Critics Need to Chill Out About Lindsay Lohan Playing Liz Taylor, Writes Ardent Mean Girls Fan

In spite of — or because of, you masochistic television viewer, you — the thoroughly terrible Liz & Dick trailer, you probably won't be able to help yourself from at least DVRing Lindsay Lohan's small screen biopic comeback when it premieres on Lifetime Nov. 25. Maybe this is because you really liked Mean Girls and that's enough to make you believe that Lindz will make for an entertaining-enough Liz Taylor. Maybe you hate yourself and want to cap off another horrifying Thanksgiving weekend at your ancestral home with a 40-ounce bottle of Barefoot Merlot and a Liz & Dick viewing with your Aunt Charlotte who will annoyingly keep flipping back to Sunday night football because she has money on the Packers to beat the spread. Whatever the reason, you should quit bellyaching about how Lindsay Lohan is a sorry stand-in for Liz Taylor because a) of all, nobody is ever going to be as good as Liz Taylor, and b) of all, Taylor would have totally supported Lohan because Hollywood is a saw-toothed monster and the former child actors that get stuck in its jaws have to stick together.

That's more or less the gist of a longish defense from The Hollywood Reporter's most guileless Mean Girls fan, M.G. Lord of the choice to cast Lohan in the upcoming Taylor biopic. Ahead of a Nov. 16 press screening of Liz & Dick, Lord wants remind "knife-sharpening" critics to consider the fact that Lindsay Lohan might not make such a bad Liz Taylor, because, you know, she'll be able to draw on a childhood spent in the unrelenting Hollywood spotlight and a young adulthood mired in scandal, substance abuse, and uneasy personal relationships. Maybe Lindsay Lohan isn't destined to be an actress of Taylor's caliber, argues Lord, but the two have biographical details enough in common to make Liz & Dick legitimately interesting:

But people should give Lohan a chance because she has so much in common with Taylor (including an upsetting "flirtation" with Republicanism). And because after a few bumpy, party-girl years, Taylor evolved at the dawn of the AIDS crisis into one of the great moral voices of the 20th century. In the 1970s, when Taylor's principal interests appeared to be bourbon, Demerol and Studio 54, she seemed as unlikely a candidate for moral leadership as Lohan does now. Yet Taylor grew and triumphed, which is why I beg you not to write off Lohan.

Lord launches a full-on plea for prospective viewers to take Lindsay Lohan seriously, which would be fine (if not just a little histrionic) except for the fact that Liz & Dick is a Lifetime movie, and Lifetime movies are, almost unanimously, trash. We're talking about the basic cable network that has, for the better part of the last decade, made its mark by presenting lurid melodramas about abusive spouses and murderously competitive high school gymnasts. No one can seriously expect a network that festoons Rob Lowe's beautiful upper lip with a silver mustache and calls him Drew Peterson to even want itself to be taken seriously, since most everything that comes down the Lifetime production pipeline one heartbeat away from camp.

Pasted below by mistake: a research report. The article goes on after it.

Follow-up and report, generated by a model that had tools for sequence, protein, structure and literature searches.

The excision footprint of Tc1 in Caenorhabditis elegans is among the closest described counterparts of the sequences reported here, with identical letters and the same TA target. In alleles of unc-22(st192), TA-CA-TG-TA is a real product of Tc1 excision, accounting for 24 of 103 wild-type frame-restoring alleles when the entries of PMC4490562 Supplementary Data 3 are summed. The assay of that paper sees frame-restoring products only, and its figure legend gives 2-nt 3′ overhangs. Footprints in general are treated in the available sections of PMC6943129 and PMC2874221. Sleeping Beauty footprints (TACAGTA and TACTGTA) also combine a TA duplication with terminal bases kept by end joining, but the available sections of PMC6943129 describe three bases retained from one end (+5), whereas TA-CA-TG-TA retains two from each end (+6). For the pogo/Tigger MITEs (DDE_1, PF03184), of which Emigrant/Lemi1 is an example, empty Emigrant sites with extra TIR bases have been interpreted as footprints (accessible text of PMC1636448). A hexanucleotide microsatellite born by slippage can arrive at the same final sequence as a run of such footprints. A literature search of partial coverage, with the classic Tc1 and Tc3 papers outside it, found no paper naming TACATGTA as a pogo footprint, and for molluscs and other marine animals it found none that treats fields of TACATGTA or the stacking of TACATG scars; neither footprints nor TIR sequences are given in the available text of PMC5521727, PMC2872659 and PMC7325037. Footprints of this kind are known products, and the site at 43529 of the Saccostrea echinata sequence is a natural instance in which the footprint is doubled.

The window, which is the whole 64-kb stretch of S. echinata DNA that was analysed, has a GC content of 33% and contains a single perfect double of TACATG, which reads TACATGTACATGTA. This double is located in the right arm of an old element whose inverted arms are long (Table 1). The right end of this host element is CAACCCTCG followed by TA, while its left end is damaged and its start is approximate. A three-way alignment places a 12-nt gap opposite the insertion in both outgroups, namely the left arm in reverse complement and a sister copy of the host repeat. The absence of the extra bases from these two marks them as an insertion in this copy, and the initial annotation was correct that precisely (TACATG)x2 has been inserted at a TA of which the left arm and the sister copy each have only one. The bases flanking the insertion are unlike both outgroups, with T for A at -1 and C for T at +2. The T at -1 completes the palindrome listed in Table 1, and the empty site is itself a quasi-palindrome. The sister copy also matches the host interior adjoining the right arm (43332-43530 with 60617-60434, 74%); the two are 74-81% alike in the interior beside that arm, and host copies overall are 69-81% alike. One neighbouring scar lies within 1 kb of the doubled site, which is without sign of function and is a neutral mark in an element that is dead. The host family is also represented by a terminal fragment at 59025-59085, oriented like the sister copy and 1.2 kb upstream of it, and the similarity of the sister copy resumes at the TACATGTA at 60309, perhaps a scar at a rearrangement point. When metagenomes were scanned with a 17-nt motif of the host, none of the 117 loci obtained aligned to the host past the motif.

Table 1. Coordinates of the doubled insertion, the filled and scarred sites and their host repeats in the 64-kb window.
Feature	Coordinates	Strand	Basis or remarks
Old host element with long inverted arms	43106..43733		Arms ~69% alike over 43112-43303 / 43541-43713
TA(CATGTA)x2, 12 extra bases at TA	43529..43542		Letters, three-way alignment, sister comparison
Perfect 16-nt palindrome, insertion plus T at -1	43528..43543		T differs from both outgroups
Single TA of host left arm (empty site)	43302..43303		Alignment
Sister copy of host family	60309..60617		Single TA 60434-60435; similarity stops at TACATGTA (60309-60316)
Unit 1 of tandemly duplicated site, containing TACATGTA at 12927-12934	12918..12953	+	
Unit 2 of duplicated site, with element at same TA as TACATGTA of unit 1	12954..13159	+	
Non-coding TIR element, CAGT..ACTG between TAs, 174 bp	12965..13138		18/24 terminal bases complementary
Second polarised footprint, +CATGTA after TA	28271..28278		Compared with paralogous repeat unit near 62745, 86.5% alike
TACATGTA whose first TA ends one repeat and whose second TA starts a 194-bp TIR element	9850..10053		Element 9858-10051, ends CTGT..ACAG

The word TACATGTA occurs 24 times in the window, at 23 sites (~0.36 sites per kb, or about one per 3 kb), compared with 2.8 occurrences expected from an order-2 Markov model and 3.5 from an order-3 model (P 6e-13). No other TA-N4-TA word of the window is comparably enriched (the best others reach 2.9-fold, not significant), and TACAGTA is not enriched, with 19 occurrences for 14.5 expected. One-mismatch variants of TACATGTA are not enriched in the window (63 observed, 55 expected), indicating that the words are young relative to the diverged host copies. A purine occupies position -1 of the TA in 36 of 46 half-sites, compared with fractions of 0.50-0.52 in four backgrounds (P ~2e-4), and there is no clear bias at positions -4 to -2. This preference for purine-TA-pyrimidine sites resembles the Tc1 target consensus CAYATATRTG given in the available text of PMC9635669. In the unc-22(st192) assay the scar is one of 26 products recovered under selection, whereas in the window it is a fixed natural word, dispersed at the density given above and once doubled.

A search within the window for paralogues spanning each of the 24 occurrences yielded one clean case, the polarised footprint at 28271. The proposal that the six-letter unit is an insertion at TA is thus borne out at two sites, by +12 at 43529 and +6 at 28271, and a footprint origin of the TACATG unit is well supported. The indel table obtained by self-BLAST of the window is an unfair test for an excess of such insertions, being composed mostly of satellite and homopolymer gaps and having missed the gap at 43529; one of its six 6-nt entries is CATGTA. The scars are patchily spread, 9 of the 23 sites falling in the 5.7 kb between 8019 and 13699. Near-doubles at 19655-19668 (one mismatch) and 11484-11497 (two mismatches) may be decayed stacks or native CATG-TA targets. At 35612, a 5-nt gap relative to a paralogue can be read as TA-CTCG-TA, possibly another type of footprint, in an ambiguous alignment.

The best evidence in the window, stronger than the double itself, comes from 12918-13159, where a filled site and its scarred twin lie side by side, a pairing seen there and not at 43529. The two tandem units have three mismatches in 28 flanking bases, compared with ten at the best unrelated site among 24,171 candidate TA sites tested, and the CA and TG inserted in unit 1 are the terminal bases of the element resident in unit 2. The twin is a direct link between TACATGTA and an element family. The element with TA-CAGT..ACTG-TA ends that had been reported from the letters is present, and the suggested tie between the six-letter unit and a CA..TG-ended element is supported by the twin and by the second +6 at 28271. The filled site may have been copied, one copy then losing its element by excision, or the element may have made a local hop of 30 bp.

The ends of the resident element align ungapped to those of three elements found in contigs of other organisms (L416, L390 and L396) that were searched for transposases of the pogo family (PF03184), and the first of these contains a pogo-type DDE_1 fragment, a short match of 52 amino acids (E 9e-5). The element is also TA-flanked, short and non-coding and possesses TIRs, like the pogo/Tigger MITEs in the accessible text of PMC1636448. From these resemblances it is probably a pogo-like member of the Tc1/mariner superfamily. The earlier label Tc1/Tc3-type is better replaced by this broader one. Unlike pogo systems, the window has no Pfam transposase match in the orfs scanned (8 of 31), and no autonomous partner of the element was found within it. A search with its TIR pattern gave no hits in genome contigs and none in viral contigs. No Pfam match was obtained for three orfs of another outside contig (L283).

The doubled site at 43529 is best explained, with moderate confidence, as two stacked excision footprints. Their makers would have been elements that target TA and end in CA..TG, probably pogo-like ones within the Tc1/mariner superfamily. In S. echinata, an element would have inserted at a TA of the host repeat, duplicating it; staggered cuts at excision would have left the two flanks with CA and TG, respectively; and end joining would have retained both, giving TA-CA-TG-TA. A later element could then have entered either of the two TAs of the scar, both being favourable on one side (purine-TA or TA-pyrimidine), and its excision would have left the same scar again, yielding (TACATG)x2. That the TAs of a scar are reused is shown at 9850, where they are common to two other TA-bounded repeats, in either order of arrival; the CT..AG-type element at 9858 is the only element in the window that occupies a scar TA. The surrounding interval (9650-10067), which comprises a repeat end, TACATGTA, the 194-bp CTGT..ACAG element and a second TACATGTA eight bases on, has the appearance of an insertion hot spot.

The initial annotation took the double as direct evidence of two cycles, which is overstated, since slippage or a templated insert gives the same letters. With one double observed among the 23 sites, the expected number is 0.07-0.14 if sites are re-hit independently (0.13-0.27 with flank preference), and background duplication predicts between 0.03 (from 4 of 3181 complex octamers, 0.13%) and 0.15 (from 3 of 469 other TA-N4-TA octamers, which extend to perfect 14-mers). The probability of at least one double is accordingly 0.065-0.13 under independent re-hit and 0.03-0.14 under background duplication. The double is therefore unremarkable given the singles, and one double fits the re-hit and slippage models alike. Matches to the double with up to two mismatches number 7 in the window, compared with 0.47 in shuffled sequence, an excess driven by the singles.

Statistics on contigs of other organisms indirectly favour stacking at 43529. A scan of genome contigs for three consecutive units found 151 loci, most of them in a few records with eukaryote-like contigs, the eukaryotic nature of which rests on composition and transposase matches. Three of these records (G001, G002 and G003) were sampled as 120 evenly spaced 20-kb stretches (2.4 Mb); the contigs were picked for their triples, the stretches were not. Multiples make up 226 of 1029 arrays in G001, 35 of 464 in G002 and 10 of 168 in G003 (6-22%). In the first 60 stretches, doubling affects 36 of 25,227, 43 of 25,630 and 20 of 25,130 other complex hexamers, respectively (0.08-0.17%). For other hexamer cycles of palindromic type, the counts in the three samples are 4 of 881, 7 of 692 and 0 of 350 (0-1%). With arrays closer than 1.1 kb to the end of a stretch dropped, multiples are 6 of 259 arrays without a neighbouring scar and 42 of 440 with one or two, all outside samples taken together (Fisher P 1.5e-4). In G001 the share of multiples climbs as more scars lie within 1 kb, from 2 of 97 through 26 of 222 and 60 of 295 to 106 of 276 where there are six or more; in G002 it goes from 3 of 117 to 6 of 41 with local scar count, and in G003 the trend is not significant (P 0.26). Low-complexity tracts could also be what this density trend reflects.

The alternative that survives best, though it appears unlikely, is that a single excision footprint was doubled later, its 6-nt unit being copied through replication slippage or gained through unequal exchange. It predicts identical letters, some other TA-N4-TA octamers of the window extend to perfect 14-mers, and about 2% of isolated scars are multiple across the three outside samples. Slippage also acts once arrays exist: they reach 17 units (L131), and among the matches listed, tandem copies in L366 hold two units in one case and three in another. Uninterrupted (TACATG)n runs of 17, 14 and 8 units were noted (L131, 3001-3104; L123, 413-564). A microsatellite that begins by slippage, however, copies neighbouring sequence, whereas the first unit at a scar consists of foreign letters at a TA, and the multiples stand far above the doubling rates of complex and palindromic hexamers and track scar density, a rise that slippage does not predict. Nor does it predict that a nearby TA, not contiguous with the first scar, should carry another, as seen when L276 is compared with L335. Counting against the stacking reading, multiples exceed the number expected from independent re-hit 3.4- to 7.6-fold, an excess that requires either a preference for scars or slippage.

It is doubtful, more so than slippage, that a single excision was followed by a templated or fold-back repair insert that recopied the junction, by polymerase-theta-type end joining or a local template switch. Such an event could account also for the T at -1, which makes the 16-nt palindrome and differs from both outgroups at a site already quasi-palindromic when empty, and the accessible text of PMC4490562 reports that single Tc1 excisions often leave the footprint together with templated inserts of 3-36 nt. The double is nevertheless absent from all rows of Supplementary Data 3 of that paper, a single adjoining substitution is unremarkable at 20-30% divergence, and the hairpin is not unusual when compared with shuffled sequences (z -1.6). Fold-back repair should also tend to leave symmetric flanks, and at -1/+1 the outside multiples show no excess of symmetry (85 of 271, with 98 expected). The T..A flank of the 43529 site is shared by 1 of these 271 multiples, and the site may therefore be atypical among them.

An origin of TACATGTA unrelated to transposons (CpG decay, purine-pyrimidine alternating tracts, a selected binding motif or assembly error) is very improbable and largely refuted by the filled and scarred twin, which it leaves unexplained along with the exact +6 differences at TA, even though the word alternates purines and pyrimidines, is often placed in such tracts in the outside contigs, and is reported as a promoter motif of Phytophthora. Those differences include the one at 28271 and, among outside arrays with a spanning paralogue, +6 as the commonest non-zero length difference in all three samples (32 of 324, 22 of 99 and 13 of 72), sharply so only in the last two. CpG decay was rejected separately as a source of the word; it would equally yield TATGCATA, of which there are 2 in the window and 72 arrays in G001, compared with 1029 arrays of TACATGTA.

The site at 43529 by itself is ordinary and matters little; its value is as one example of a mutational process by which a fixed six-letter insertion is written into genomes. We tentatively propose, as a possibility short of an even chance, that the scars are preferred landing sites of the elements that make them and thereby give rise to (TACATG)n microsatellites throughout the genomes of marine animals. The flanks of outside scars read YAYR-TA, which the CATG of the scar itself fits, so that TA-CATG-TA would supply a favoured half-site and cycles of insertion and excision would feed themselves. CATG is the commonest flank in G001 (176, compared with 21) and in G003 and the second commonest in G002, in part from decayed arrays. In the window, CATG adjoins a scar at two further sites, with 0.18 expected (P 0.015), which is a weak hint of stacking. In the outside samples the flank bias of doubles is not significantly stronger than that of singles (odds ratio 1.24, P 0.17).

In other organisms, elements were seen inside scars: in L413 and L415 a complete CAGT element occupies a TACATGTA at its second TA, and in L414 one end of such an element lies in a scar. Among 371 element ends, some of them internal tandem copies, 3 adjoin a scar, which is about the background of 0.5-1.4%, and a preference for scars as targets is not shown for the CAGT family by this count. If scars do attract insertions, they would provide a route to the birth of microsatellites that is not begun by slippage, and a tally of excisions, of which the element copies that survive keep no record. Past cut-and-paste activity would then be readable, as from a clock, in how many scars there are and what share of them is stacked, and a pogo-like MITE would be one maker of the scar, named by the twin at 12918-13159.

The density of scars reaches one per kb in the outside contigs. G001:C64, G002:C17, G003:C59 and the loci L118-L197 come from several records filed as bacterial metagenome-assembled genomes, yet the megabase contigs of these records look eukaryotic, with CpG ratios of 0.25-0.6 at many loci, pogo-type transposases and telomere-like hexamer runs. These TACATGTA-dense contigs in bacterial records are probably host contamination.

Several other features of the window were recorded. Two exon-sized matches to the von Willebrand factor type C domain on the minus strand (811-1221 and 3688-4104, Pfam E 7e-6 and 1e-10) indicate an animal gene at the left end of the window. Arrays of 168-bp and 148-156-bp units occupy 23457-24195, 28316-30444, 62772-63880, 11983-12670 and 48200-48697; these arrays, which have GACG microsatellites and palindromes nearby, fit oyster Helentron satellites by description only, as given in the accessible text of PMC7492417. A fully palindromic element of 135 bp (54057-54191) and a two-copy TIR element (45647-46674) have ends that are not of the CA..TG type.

This, of course, is what makes Lifetime movies such a delightful indulgence, but it's also what makes building Liz & Dick up as Lindsay Lohan's big comeback a cruelly ironic joke from the movie's producers. Even though TV movies aren't nearly as awful or ignominious as they used to be (since all the basic cable networks are trying to make some of that original programming scratch), starring in a teleplay is still a pretty reliable indication that a former star has pretty much fallen. I mean, if you saw, say, Christian Slater appearing in a made-for-TV movie about a minor-league baseball player you've never heard of, you wouldn't think, "Christian Slater is back, baby, and a Pump Up the Volume sequel is so in the works."

Lohan is still really young, so maybe there is chance for a full-fledged comeback, but, for the time being, she's just starring in a TV biopic, so, explains Lord, everyone lamenting the decision to cast her as Taylor should get some perspective, just like Taylor's daughter Liza Todd has:

Taylor's daughter Liza Todd is also unhappy, confides Vicky Tiel, a Paris-based dress designer who was Taylor's closest friend during the Burton years. Tiel describes a recent dinner where Todd professed horror at the idea of Lohan as her mother. "But Liza calmed down," says Tiel, "when people pointed out: It's only TV."

Hopefully, It's Only TV doesn't stick as the title for a future Lindsay Lohan biopic, but you'll only be able to know that if you turn a judgment-free eye towards Lifetime on Nov. 25.

A Plea on Behalf of Brainy Girls: Give Lindsay Lohan a Chance [THR]